Friday, January 3, 2020

Reading Recap and Recommendation for 2019: What Books to Read to Start 2020

According to Goodreads, I read 52 books in 2019, thanks to audible books, a 2.5-hour daily commute, and just prioritizing reading as a leisure activity. My selection of books are fairly eclectic: anything from murder mysteries by Agatha Christie, to career development, to autobiography of Russian spies. Generally any writing that helps take my mind off work.

Out of the 52 books, below are a handful that I find worth recommending. They happen to score at least 4 out of 5 star ratings on Goodreads. I do reference a book's star rating on Goodreads when researching whether to read it or not. Most of time, I find the rating fairly on point.

I hope you enjoy them as much as I did. I'm building my 2020 reading list, and welcome any recommendations you have!

Deep Undercover: My Secret Life and Tangled Allegiances as a KGB Spy in America by Jack Barsky

I learned about this book from the Podcast The Jordan Harbinger Show. Jack Barsky was a Russian spy who posed as an average American in the U.S. for 10 years. If you like the show The Americans, I think you'll enjoy this book. The story started with Jack (not his birth name)'s childhood in East Germany, his college life in Jena, East Germany where he obtained an advanced degree in Chemistry before getting recruited by KGB, subsequently starting his training as a spy and eventually came to the U.S. under a false identity - Jack Barsky. 
The narration is very personable, interlaced with subtle humor. Even though he arrived in America with a totally different purpose, I find myself relate to some of his experience such as the ideological difference between two political systems, value of its people, etc. It's a great story so a page-turner and a quick read.

Another great page turner about a North Korean defector and how/why she escaped North Korea. This is the first book I read about North Korean defectors. In my assumption, people who decided to escape North Korea are driven by desperation: hunger, poverty, or prosecution. The story of Hyoenseo is slightly different: she lived a fairly comfortable life growing up (in North Korean's standard) - she didn't starve, has plenty to keep warm, and even has exposure to some western culture. Her family lived on the China-North Korea border. Then right before her 18th birthday, she decided to cross the border to visit her relatives in China, just to see what life was like on the other side, with intention to go back home after a short visit. Little did she know that was her forever goodbye to North Korea. She couldn't go back home because someone reported her missing and suspected she crossed the border. The story unfolds from there: she was forced to stay in China as an illegal, learning Mandarin, almost married a Chinese guy to get real citizenship, faking as a ethnic Chinese during police interrogation, working as a waitress in restaurants, etc. The story has a good ending when she eventually rescued her mother and brother out of North Korea. They now all live in South Korea.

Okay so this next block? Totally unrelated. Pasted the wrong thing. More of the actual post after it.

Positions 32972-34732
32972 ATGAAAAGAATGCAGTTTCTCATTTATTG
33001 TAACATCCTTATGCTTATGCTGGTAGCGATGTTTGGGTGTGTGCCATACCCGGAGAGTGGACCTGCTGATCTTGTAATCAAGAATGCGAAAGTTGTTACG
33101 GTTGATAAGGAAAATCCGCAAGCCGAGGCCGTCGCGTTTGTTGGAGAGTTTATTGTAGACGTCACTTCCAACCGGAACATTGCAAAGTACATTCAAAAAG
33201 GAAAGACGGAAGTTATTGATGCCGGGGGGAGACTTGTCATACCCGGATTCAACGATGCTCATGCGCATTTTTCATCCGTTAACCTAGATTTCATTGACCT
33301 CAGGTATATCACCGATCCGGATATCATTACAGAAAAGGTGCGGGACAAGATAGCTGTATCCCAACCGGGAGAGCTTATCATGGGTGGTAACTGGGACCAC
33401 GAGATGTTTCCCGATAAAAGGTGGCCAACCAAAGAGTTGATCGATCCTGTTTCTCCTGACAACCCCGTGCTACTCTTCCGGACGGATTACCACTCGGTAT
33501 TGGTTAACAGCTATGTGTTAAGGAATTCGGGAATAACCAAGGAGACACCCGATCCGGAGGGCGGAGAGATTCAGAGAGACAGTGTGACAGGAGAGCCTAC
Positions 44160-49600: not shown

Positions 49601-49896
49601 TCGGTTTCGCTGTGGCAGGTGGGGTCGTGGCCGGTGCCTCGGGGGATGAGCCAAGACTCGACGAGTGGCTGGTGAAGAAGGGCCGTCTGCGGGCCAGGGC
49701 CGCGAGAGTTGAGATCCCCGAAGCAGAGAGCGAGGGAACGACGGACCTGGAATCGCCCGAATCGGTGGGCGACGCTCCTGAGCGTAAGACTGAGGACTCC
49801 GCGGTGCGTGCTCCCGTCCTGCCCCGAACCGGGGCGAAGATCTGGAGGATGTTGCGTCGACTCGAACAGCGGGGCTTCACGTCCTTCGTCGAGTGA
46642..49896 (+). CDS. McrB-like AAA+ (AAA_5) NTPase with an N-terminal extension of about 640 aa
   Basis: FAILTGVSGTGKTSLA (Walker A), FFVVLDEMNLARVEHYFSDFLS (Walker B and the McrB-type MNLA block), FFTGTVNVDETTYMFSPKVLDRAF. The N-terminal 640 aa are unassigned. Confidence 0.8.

It's a fascinating story. I had to stop a few times and googled if this is indeed a true story. What this girl has gone through at such a young age is incredible and hard to imagine.

The War that Saved My Life. By Kimberly Brubaker Bradley

This books is the Winner of the 2016 Schneider Family Book Award. Ten-year-old girl Ada was locked up in her London apartment by her mother because she has a twisted foot. Then World War II came, and all kids are to be shipped out of London to escape the war. Ada wasted no time sneaking out of the apartment with her little brother Jaime. There begins the adventure for Ada and Jaime, as well as Susan Smith, the woman who was forced to take the two kids in. First time in Ada's life, she experienced the motherhood love that's been lacking all her life. She learned to ride a copy, catch spies, and really lived the innocent life of a 10-year-old.
It's a well-written lovely story. Even though it's meant to be a children's story, some Amazon reviews mention, and I agree, is probably for adult readers.

Extreme Ownership: How U.S. Navy SEALs Lead and Win. By Jocko Willink & Leif Babin

You learn a great deal of leadership lessons from the military, and this book is no exception. I happen to read this book while transitioning from an individual contributor to a first-line manager. This book helps shape the mindset needed to be a successful manager: you're no longer only responsible for what you deliver individually, you are accountable for the collective contribution of your TEAM. Their success is your success, so is the failure.
This might sound very simple, yet not easy to live it. There's no more excuses when things go wry, as the leader, you OWN it 100% and it's up to you to figure out a way to deliver.

The Simple Path to Wealth: Your road map to financial independence and a rich, free life. By J.L. Collins

As the title suggests, the path to wealth, or rather a rich, fulfilling life, is very simple. This is probably hands down the best financial book out there and the only one you need to read.
I've been following the FIRE community, including Mr. Money Mustache's blog, for a while, so the content in this book adds nothing new to me. But it's good to read all the principles and how-tos systematically in one place. Read this book, read it early, and start taking action now. 

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